The value of user-generated content
Editorial

The value of user-generated content

Star ratings, customer reviews, online user forums and upstart bloggers – they all shape the way today’s consumers evaluate products and services online.

In fact, all types of online user-generated content have redrawn marketing boundaries and shifted the power into the hands of the consumer. Organisations have an important role to play in this dynamic, and the ones that get it right foster loyal customers.

A consumers’ online experience is largely based on trust, since there often is no face or personal relationship associated with a transaction. With the advent of Amazon in 1994, consumers learnt to trust a faceless organisation with their credit card details and purchase products online. Advance forward by only one year and eBay taught consumers to not only trust the organisation, but also other online consumers through their peer-to-peer auction site. Fast-forward to today and all forms of e-commerce are common practice.

Yet, while the distance between  brand and consumer may be thousands of miles away, this gap doesn’t matter if we can interact with others who have already made the purchase. In fact, consumers are making more informed decisions than ever before – their ability to compare, review and educate themselves about a product or service is higher than pre-Internet days when consumers relied on push marketing from companies, or a helpful sales assistant to explain the features and benefits. These days we rely heavily on other online consumers’ word of mouth and, more strikingly, users we most likely don’t know. Surprisingly, 71% of consumers are likely to purchase a product based on social media referrals.

From push marketing to pull marketing

Online interaction between a brand and a prospect is vital in order for the consumer to make an informed and trusted decision. This depends on what other users have said about their experiences, and how they rate the product or service. It is vital that the organisation takes responsibility to curate this user-to-user interchange if they are going to be perceived as trustworthy. This means including a prominent star-rating system next to the products, as well as soliciting and providing consumer feedback in an easily accessible and logical location on their website. It’s no surprise that search engines value live user-generated feedback on websites by rewarding them with higher search engine rankings. Effective use of user-generated content means favourable SEO. According to OnCrawl.com, “This form of crowdsourcing can bring extra value and authenticity on your website, please your community and your SEO.”

Brands can encourage more user-generated content by developing user-generated forums and galleries, and even integrating user content with the online shopping experience. Beauty products retailer Sephora has capitalised on the trend of selfies and beauty bloggers by hosting a Sephora beauty board, where consumers can upload images of themselves wearing Sephora make-up. The US online clothing brand Modcloth allows loyal customers to upload images of themselves wearing Modcloth branded outfits in a user-generated style gallery, making the looks shoppable with either the actual items in the photo or similar products. These brands are not only signalling to prospective buyers that they are safe and well-loved, but also that they foster advocacy and loyalty within their existing customer base.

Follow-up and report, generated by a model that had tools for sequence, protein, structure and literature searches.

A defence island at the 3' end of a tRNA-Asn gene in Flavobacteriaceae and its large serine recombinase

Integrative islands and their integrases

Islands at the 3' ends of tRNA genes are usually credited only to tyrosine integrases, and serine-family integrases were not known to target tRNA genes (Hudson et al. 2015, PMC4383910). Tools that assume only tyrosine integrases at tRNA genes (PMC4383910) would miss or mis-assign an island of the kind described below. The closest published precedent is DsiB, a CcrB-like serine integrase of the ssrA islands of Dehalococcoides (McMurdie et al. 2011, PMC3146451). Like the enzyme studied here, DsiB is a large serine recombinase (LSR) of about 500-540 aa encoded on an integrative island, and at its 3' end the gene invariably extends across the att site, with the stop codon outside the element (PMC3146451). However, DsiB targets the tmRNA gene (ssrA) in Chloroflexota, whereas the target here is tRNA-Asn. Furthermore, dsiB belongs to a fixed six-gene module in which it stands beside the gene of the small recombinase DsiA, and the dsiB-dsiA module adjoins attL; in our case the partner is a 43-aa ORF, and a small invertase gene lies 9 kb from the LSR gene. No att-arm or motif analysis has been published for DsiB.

Keeping a pulse on the market

Curating user-generated content has another benefit for brands – it’s a way of keeping a pulse on the consumer sentiment. By fostering a community, organisations can learn what users like and don’t like about their product or service. This is invaluable customer feedback that should help feed a cycle of continuous improvement. It is the responsibility of the organisation to give their customers a voice and listen to what they have to say. After all, consumers are going to say it anyway, therefore brands should stay a part of that conversation.

We live in an evolving collaborative economy, which has been made possible by our online community. Organisations must foster both user-to-user and user-to-brand relationships – those who do this are rewarded with loyal brand advocates.

Greta Paa-Kerner is a course director for CIM. She is also an independent marketing consultant and a senior lecturer at Bucks Business School, which is part of Bucks New University.

Greta Paa-Kerner Course Director CIM
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